the photoshooter's journey from taking to making

LOAD, LOCK, SHOOT

By MICHAEL PERKINS

OUR GRADE SCHOOL HISTORY CLASSES DRUMMED CERTAIN NAMES INTO OUR HEADS AS THE “EXCLUSIVE” CREATORS of many of the wonders of the modern age. We can still bark back many of those names without any prompting, saluting the Edisons, Bells, and Fords of the early part of the 20th century and the Jobses and Gateses of its final years. However, as we grew older, we realized that the births of many of our favorite geegaws (television, for example) can’t be traced to a single auteur. And when it comes to photography, their are too many fathers and mothers in all ends of the medium to even enumerate.

Several tinkerer-wizards do deserve singling out, however, especially when it comes to the mindset that all of us in the present era share that photography ought to be immediate and easy. And, in a very real way, both of these luxuries were born in the mind of a single man, Dean Peterson, who presided over half a dozen revolutions in the technology of picture making, most of his own creation. As an engineer at Eastman Kodak in the early ’60’s, Dean created and developed the Instamatic camera, and, in so doing, changed the world’s attitude toward photography in a way every bit as dramatic as George Eastman’s introduction of cheap roll film in the late 1800’s. Peterson’s new wrinkle: get rid of the roll.

The Kodak Instamatic 100.

Yeah, you had one. The Kodak Instamatic 100.

Or, more precisely, get rid of loose film’s imprecise process for being loaded into the camera, which frequently ruined either single exposures or entire rolls, depending on one’s fumble-fingered luck. Peterson’s answer was a self-contained drop-in cartridge, pre-loaded with film and sealed against light. Once inside the camera, it was the cartridge itself that largely advanced the film, eliminating unwanted double-exposures and making the engineering cost of the host camera body remarkably cheap. Peterson followed Eastman’s idea of a fixed-focus camera with a pre-set exposure designed for daylight film, and added a small module to fire a single flashbulb with the help of an internal battery. Follow-up models of the Instamatic would move to flashcubes, an internal flash that could operate without bulbs or batteries, a more streamlined “pocket Instamatic” body, and even an upgrade edition that would accept external lenses.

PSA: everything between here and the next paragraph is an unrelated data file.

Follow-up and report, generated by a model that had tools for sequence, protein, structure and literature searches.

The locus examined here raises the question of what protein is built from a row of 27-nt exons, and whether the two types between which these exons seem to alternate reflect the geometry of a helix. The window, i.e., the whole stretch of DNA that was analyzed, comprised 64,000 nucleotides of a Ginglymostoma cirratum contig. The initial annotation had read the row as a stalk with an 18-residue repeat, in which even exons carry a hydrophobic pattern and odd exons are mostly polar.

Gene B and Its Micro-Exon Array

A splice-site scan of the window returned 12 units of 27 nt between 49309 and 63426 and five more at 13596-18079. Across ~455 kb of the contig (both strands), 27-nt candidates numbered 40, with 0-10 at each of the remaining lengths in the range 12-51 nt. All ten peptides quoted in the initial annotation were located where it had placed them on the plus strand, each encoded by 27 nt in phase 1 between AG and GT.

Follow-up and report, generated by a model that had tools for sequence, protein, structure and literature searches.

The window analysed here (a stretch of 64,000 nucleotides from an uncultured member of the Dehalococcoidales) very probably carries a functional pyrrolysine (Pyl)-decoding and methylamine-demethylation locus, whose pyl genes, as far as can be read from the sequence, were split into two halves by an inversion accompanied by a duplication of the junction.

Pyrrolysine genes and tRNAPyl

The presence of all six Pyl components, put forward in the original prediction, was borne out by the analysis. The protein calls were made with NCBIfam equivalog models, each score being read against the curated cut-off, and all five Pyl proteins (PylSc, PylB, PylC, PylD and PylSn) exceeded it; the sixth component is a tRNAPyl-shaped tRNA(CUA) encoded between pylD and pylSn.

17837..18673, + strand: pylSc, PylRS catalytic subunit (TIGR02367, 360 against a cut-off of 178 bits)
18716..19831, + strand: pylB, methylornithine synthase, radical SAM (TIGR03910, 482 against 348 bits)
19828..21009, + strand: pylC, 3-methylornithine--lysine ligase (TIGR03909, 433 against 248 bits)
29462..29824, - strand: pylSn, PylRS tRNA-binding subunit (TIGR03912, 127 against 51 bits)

With sales of over 70 million units within ten years, the Instamatic created Kodak’s second imgresgolden age of market supremacy. As for Dean Peterson, he was just warming up. His second-generation insta-cameras, developed at Honeywell in the early ’70’s, incorporated auto-focus, off-the-film metering, auto-advance and built-in electronic flash into the world’s first higher-end point-and-shoots. His later work also included the invention of a 3d film camera for Nimslo, high-speed video units for Kodak, and, just before his death in 2004, early mechanical systems that later contributed to tablet computer design.

Along the way, Peterson made multiple millions for Kodak by amping up the worldwide numbers of amateur photographers, even as he slashed the costs of manufacturing, thereby maximizing the profit in his inventions. As with most forward leaps in photographic development, Dean Peterson’s work eliminated barriers to picture-taking, and when that is accomplished, the number of shooters and the sheer volume of their output rockets ahead the world over. George Eastman’s legendary boast that “you press the button and we do the rest” continues to resonate through our smartphones and iPads, because Dean Peterson, back in 1963, thought, what the heck, it ought to be simpler to load a camera.

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